Irvington introduces comprehensive plan for ‘village charm’

by Audrey Thomasson

IRVINGTON—Maintaining village charm is the driving force behind proposed updates to Irvington’s comprehensive plan.

Planning commission members unveiled their concept to enrich village charm and build on its history during a joint work session Monday with town council.

A comprehensive plan is a blueprint for future development that identifies goals, objectives, guidelines, policies and standards for the immediate and long range protection and growth of the community.

Planning commission chairman Bill Young said they first had to address and correct the 2000 U.S. Census report that indicated Irvington was growing at 35%. He said the mistake was due to inclusion of areas not within town. He noted a subtle switch in residency over the years from a majority of part-time to more full-time residents.

“Some growth is necessary to have a viable community,” said Craig Wilson, planning consultant with Community Planning Partners Inc. “Those that don’t grow become static.”

He noted the trend in “zoning has changed from separating out uses to combining in mixed uses” and including pathways and green space.

Wilson compared two regional counties that took separate paths: Chesterfield County followed the old concept which resulted in massive sprawl while Henrico County embraced mixed use and created the “town” of Short Pump.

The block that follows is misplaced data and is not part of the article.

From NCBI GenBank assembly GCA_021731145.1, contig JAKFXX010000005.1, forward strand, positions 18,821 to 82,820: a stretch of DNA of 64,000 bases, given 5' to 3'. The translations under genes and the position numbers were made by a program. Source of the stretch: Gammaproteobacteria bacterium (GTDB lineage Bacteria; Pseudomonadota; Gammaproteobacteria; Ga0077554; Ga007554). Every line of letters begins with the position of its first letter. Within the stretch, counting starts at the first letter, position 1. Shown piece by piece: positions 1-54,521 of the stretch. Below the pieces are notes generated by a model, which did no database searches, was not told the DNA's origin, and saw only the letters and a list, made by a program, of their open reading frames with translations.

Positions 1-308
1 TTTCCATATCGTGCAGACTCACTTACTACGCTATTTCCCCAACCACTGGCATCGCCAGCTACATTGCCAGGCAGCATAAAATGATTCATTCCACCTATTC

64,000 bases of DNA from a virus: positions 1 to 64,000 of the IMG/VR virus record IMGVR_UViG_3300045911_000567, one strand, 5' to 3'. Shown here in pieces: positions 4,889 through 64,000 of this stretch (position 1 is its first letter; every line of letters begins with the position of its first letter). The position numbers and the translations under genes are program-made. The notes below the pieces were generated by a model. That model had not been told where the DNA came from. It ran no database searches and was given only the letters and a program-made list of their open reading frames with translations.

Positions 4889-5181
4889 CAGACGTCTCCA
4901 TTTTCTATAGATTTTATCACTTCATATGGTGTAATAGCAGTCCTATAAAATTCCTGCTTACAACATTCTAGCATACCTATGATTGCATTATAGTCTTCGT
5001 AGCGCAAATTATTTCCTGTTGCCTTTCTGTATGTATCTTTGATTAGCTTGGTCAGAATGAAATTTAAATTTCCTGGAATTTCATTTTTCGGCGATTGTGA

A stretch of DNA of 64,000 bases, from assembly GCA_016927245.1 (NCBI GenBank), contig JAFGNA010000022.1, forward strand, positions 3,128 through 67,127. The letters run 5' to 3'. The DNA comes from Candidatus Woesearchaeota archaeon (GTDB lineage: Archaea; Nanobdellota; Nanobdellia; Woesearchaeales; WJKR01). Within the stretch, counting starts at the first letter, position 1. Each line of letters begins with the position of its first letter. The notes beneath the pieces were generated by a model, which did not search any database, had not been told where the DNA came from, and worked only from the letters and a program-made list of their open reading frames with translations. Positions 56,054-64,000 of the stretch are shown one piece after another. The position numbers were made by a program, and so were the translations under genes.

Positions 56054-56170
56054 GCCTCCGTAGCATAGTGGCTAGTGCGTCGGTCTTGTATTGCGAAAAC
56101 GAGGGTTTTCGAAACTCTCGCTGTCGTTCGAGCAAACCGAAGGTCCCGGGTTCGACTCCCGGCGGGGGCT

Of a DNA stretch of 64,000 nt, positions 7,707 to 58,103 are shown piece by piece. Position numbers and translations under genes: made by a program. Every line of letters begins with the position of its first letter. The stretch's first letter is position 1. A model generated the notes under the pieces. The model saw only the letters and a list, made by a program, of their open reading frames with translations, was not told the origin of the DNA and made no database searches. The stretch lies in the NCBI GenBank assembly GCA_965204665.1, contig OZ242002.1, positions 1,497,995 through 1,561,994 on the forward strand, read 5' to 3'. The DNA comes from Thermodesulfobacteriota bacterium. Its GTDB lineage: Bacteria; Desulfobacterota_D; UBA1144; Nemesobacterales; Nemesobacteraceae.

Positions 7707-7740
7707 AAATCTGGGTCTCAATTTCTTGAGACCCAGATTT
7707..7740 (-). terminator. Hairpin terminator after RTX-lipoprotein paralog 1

He noted Irvington’s current zoning leaves few options and that the town is made up of single-family residences on varying sized lots.

“There is not much of an option for seniors who want to downsize from a single-family house,” said Wilson.

The plan’s proposed changes include sections on planned unit development (PUD) for areas that encompass 10 to 25 acres, discussion on the economy and income, possibilities for a sewer system, a roadway classification map and land use map, an implementation plan, results of the recent public survey of residents and a one-page summary.

Proposed strategies include updating town ordinances, strengthening ordinances to control development and working with current land owners to suggest updating their development plans. Additional strategies include housing options that cover the older adults and young families—such as building apartments over town shops, plans for uses for the North Commons area and public access to the water by studying available land for sale and the cost for development.

Council scheduled a public hearing on the plan for 6:30 p.m. February 7 at Irvington Baptist Church. The plan has been posted on the town’s website.


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